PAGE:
Debunking Deficit Hysteria

Deficit hysteria is grounded in claims of a high and rising federal debt to GDP ratio.  The argument is that our “out-of-control” yearly national budget deficits will combine to produce a federal debt so high relative to GDP that it will threaten our future welfare.

According to the Congressional Budget Office, the threat is as follows:

  • Large budget deficits would reduce national saving, leading to higher interest rates, more borrowing from abroad, and less domestic investment—which in turn would lower income growth in the United States.
  • Growing debt would also reduce lawmakers’ ability to respond to economic downturns and other challenges.
  • Over time, higher debt would increase the probability of a fiscal crisis in which investors would lose confidence in the government’s ability to manage its budget, and the government would be forced to pay much more to borrow money.

These are certainly possible problems—although at present it is certainly not true that our budget deficits are driving up interest rates or that our government is having difficulty attracting new funds.  But what about the future—might our federal debt level grow so large that it does become a threat to our economy?

There is in fact no agreed upon danger line, beyond which the size of the federal debt held by the public relative to GDP is considered to have crossed into crisis territory.  That said, many commentators appear to believe that the danger zone is when the federal debt held by the public reaches a level equal to the GDP (for a ratio of 100%).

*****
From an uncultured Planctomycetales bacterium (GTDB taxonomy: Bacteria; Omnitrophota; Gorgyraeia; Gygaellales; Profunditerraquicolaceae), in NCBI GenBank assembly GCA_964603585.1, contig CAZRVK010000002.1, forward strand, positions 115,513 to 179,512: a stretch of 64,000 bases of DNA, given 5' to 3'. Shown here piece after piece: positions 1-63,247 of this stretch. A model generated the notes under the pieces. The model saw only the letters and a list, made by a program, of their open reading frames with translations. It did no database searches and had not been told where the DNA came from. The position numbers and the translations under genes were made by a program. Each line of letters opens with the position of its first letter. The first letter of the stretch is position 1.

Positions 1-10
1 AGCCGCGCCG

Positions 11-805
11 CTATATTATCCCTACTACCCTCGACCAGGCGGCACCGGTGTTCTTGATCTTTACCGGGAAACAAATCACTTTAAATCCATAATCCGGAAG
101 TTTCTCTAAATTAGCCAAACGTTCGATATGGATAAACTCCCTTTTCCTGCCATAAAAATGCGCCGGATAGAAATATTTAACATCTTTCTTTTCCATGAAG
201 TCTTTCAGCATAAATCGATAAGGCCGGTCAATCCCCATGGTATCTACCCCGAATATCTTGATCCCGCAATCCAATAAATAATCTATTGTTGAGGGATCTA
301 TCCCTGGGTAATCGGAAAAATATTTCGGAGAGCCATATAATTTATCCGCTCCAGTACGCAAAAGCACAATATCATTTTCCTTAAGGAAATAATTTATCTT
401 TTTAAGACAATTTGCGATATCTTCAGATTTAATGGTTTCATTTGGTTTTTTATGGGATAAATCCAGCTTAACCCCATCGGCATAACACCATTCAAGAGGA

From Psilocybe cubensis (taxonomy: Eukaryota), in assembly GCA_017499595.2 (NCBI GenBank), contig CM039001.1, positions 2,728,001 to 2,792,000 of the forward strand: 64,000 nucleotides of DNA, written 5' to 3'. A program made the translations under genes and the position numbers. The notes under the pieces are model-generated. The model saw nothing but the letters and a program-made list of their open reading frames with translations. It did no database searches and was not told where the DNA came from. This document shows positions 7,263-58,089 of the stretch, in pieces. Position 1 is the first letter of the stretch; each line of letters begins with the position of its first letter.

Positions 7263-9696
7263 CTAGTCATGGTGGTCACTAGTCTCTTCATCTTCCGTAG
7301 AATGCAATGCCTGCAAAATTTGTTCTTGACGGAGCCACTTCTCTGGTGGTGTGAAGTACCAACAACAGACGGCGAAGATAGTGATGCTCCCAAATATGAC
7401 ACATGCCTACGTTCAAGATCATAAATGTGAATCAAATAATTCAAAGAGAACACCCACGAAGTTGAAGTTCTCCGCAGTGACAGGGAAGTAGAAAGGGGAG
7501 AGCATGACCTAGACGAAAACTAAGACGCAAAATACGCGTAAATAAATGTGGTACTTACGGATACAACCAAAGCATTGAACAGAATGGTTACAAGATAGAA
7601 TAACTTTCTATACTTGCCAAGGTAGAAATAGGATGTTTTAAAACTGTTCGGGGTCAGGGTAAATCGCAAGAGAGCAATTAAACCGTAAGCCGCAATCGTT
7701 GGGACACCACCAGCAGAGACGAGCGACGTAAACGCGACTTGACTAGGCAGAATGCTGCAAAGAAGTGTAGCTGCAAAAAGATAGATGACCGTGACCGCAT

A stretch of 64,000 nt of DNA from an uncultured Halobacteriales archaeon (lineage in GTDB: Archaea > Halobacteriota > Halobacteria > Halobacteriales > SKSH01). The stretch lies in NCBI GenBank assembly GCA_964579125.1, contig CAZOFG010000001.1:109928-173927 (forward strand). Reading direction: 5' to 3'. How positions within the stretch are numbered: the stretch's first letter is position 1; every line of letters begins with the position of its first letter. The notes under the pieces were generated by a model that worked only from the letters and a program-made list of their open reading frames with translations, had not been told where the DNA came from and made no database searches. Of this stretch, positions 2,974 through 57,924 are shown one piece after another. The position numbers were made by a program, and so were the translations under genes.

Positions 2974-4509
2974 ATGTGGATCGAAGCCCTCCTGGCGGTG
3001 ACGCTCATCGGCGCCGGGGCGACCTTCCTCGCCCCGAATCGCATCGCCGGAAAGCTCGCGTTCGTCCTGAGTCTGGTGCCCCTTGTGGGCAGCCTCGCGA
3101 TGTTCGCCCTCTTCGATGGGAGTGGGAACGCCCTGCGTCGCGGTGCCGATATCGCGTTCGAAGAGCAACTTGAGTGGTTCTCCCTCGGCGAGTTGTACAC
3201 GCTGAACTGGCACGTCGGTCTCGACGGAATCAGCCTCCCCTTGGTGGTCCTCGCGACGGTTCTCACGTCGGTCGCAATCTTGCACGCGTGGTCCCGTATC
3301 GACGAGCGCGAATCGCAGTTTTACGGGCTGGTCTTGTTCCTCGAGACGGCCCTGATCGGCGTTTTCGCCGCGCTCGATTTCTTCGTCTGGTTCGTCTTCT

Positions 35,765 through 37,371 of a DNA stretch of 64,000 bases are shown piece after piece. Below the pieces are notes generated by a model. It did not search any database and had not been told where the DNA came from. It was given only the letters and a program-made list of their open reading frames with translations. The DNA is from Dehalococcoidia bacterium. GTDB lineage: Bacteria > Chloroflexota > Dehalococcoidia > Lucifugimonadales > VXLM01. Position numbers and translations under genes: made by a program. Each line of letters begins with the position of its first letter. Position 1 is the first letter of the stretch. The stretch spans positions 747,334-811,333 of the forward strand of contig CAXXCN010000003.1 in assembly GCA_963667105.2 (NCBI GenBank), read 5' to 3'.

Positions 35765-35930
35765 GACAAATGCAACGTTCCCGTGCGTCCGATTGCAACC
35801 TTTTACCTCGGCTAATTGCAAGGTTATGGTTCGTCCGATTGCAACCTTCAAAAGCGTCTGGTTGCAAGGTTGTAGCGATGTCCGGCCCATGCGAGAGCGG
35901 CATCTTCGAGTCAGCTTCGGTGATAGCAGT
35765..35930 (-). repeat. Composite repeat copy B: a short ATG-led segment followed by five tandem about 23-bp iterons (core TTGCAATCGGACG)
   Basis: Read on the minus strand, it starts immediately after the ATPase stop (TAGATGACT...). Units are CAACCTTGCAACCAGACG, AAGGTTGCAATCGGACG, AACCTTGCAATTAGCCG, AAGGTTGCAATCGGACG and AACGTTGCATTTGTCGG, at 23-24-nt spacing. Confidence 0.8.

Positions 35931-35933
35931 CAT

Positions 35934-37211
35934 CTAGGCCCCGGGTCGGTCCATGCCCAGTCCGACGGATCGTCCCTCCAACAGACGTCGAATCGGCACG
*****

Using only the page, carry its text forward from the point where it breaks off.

The Congressional Budget Office is the agency that most economists look to for predictions of key key economic trends, such as this one.  It recently completed a detailed forecast for the next 25 years (taking us to 2035) as well as a longer run forecast that takes us to 2080.  So, what did it find?

At the end of 2008, the federal debt held by the public equaled 40% of GDP.  This was close to the previous 40 year average of 36%.  At the end of 2010, the federal debt held by the public had risen to 62% of GDP; this sharp rise was largely a consequence of the economic crisis, which lowered tax revenues and raised public expenditures.  According to the CBO, the ratio is projected to be 80% in 2035.  The ratio does not hit 100% until 2074.

In other words, government deficits are unlikely to become a serious problem (and that is assuming no major changes in policy) for some 54 years.  And yet the dangers of deficits are all we seem to read and hear about.

In fact, the CBO projections are themselves structured in ways that overstate the danger of deficit spending.  The problem comes from the underlying assumptions used by the CBO in its modeling of future trends.   Here is what Doug Henwood (the editor of the Left Business Observer) has to say about these assumptions: